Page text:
For evidence of that, look no further than the continuing resonance of last week's revelation that Clinton used a personal email account to conduct official business during her tenure as secretary of state. There's no question the story merits serious probing, but its shelf life has certainly been extended due to a paucity of other storylines for the political press corps to pursue.

For his part, Sanders brushed off a question about the matter during his appearance at the National Press Club, expressing frustration with the media for focusing on "political gossip" instead of substantive issues, such as chronic unemployment and childhood poverty.

We plead guilty, your honor!

Sanders said he'd just asked "the person at the front desk" of his Senate office: "How many calls are we getting on Hillary's emails?"

"You know what the answer was?" he said. "Zero. [It's] not one of the major issues facing me."

Asked whether Clinton's plans — or those of Sen. Elizabeth Warren (D-Mass.) — would have any bearing on his own, Sanders said they would not.

"I don't run against people. It's not my desire to trash people. Hillary Clinton is a remarkable woman with an extraordinary history of public service," he said, his voice steadily growing in volume. "It would not be my job to run against her. It would be my job, if she ran and if I ran, to debate the serious issues facing our country, as intelligent people should be doing in a democracy."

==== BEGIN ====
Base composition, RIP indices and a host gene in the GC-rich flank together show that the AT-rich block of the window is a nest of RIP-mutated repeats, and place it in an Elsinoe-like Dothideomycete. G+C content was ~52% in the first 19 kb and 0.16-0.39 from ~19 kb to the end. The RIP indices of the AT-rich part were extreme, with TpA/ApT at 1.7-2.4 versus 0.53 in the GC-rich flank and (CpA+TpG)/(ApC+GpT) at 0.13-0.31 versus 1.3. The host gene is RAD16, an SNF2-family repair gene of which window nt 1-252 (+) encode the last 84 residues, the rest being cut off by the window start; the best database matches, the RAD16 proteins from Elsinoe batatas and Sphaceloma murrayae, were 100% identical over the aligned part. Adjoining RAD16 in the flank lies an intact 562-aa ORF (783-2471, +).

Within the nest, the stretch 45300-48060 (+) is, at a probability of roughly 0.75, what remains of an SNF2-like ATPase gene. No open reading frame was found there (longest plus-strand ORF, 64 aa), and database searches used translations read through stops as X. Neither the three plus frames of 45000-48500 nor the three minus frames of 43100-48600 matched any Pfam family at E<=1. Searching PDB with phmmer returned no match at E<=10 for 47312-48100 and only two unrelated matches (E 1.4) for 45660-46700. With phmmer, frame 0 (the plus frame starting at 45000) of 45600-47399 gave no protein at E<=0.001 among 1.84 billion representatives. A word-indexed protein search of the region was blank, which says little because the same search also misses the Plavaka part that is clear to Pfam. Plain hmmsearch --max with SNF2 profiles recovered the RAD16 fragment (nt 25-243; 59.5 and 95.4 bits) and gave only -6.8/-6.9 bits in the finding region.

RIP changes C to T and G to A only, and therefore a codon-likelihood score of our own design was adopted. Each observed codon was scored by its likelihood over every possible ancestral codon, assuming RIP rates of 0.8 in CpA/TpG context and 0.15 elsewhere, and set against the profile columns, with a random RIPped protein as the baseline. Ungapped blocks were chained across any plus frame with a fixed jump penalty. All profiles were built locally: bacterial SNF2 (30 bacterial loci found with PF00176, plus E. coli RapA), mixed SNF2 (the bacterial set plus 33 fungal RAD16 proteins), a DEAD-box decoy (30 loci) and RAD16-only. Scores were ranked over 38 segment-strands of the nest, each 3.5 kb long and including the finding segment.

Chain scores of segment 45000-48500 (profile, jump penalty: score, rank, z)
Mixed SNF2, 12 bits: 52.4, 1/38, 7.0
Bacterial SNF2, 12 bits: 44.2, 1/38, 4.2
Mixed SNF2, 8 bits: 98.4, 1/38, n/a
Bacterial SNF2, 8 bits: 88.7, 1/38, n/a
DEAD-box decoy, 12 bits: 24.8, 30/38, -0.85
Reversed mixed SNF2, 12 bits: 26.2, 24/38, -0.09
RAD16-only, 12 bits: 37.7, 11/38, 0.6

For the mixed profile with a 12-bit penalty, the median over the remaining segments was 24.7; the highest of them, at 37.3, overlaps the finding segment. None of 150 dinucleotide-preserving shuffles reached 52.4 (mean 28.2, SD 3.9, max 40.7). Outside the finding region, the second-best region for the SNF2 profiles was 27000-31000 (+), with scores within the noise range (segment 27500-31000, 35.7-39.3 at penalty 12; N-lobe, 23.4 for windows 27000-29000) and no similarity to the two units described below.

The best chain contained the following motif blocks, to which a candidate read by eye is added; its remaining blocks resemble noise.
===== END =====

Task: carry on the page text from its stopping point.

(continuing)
Fair enough. But Sanders knows as well as anyone how closely his political fate is tied to Clinton's. The only reason Vermont's septuagenarian Democratic Socialist is getting any ink, after all, is that Clinton has big-footed most serious challengers out of the race.

Though he steered clear of server-gate Monday, Sanders unsubtly articulated a policy-based critique of Clinton that he'll surely build upon in the coming months. He reminded his audience that he voted against the Iraq War, fought the deregulation of Wall Street and opposed the North American Free Trade Agreement. He didn't mention that the Clintons supported all three, but he didn't have to.

"He's going to talk about what he believes," Devine says. "And if she agrees with him, that's fine. If she doesn't, there will probably be a big debate about it."

Precisely what a Sanders campaign would look like remains a mystery.